Student protests build in Pakistan
Campus protests gather steam throughout the country, worrying the fragile regime.
The steady rumbling of dissent on university campuses across Pakistan is an ominous development for the country's military regime. Student activists in Pakistan have a history of effecting dramatic political change.Skip to next paragraph
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What began last week as a protest against the arrests of academics at a university in Lahore has quickly spread across larger campuses, energizing new movements and inciting old student political groups from a near two-decade slumber. But when opposition leader Imran Khan, a perceived hero of the student movement, arrived Wednesday to address students in Lahore, members of a powerful and established Islamist student group quickly handed him over to police.
For Mr. Khan and others, targeting university campuses is a shrewd move. But his arrest reveals the scattered nature of the students' potent political power. Unless the opposition can arrive at a consensus, observers say, the movement will remain incoherent. At the core of this confused effort lies the clashing visions of the old student political groups with a new wave of activists who hope to effect a more profound shift in Pakistani politics.
"This 'new student movement' is very significant," says Rasul Baksh Rais, a professor at Lahore University of Management Sciences (LUMS) who is a liaison between the administration and student leaders on his campus. Mr. Rais added that students even snubbed former Prime Minister Benazir Bhutto when she invited them for a meeting. The students' lack of interest in Pakistan's premier opposition figure, Rais says, indicates that "until all parties are able to come on one platform it is unlikely these students will want to support one party over another."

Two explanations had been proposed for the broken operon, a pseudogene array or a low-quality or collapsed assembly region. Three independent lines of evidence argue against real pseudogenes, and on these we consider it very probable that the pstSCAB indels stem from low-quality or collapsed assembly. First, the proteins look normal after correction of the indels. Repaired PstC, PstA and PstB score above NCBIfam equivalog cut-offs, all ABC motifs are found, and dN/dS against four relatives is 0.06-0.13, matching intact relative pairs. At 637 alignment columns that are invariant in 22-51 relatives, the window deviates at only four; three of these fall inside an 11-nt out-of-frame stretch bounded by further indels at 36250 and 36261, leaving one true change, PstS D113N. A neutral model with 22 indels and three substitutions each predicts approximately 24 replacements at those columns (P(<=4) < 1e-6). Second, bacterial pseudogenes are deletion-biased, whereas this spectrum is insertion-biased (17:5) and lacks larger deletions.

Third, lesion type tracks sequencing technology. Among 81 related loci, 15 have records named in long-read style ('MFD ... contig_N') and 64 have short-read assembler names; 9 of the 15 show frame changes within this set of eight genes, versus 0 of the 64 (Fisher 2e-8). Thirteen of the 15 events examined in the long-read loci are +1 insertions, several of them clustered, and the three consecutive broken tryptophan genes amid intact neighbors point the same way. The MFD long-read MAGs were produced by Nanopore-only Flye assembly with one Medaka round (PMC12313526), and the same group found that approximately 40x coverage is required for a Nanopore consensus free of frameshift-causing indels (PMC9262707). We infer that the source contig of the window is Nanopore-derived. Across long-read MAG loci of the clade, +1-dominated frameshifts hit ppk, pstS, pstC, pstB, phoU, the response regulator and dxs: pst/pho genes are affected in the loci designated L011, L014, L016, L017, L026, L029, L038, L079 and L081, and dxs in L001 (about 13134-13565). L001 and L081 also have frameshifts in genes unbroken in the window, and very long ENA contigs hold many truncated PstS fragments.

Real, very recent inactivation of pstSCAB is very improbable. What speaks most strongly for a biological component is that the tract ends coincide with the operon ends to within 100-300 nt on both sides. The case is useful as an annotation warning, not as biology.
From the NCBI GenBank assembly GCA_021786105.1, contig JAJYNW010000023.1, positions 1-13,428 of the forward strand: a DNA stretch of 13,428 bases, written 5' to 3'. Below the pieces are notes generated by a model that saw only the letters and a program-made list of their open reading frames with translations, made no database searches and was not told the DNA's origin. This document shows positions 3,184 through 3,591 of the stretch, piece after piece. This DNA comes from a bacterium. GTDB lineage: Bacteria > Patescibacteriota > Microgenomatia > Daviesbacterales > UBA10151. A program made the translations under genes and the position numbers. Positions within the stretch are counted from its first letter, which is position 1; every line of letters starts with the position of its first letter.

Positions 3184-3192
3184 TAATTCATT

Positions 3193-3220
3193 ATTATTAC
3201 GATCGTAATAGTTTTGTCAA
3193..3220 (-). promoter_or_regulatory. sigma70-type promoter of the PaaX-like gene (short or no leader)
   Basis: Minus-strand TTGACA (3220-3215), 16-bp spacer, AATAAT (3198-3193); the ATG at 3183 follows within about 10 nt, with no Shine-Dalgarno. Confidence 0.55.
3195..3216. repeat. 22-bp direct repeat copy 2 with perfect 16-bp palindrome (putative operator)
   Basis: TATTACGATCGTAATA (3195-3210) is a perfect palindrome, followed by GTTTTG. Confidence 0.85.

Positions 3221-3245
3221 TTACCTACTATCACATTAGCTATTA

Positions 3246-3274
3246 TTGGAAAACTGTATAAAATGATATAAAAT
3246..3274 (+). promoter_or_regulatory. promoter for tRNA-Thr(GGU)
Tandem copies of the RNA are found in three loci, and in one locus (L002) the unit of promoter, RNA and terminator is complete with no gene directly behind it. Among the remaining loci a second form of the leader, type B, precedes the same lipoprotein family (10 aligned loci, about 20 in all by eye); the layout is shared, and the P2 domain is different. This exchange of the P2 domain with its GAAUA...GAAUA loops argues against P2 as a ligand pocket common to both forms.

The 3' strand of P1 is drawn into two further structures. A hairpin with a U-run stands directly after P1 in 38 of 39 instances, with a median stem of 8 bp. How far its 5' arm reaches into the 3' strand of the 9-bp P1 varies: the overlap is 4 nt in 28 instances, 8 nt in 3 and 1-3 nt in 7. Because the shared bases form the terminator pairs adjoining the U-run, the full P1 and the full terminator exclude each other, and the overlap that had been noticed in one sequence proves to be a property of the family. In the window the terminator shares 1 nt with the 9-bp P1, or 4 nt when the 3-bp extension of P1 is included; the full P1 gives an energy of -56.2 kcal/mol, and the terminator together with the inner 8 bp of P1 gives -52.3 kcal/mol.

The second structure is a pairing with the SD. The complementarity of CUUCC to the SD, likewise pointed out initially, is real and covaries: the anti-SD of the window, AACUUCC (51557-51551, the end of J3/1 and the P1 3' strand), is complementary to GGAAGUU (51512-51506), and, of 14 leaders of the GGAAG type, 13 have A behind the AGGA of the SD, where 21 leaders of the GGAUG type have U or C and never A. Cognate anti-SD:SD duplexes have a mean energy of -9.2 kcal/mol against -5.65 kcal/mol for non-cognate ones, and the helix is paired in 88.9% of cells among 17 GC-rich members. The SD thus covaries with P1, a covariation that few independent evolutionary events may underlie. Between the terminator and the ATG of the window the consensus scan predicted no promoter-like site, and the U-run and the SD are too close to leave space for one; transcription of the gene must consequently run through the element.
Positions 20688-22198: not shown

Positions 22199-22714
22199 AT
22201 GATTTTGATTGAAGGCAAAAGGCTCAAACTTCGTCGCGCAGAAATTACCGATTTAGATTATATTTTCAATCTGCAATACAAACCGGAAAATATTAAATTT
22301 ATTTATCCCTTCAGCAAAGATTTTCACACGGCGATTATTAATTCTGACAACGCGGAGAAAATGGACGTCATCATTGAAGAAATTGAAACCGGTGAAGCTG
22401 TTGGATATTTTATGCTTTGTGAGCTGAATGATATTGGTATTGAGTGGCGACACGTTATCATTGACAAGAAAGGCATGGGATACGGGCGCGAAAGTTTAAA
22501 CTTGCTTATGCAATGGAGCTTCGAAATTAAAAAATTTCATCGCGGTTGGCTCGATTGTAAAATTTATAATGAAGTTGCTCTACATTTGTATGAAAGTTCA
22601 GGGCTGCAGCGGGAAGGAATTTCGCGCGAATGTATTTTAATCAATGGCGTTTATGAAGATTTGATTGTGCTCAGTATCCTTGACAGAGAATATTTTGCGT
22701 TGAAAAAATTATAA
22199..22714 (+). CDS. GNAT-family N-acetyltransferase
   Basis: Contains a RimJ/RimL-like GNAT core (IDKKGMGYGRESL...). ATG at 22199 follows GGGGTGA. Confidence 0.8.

Whether Ms. Bhutto will eventually be able to seize the reins of such a unified movement remains a question, observers say. Security officials said she will likely remain under house arrest until Thursday at the earliest. On Tuesday, Bhutto called on the president to resign. Her spokeswoman told reporters Wednesday that she is attempting to rally the political opposition, including former Prime Minister Nawaz Sharif, to present a more unified opposition to President Pervez Musharraf's authority.
Musharraf said Wednesday that he expects to step down as Army chief by the end of November and begin a new presidential term as a civilian, warning that Pakistan risked chaos if he gave into opposition demands to resign. In an interview with the Associated Press, he accused Bhutto, currently under house arrest, of fueling political turmoil and rejected Western pressure to quickly lift emergency rule, which he indicated was likely to continue through the January elections. "I take decisions in Pakistan's interest and I don't take ultimatums from anyone," he said at his Army office.
Khan was one of the only prominent political leaders to have avoided arrest by going into hiding, and had sparked student activism by speaking at a university campus on the eve of the emergency. Through underground messages from hiding, Khan had called for a "youth army" to take to the streets. "My goal was to set in motion a student movement," he said after his arrest.
'No greater ideology at work'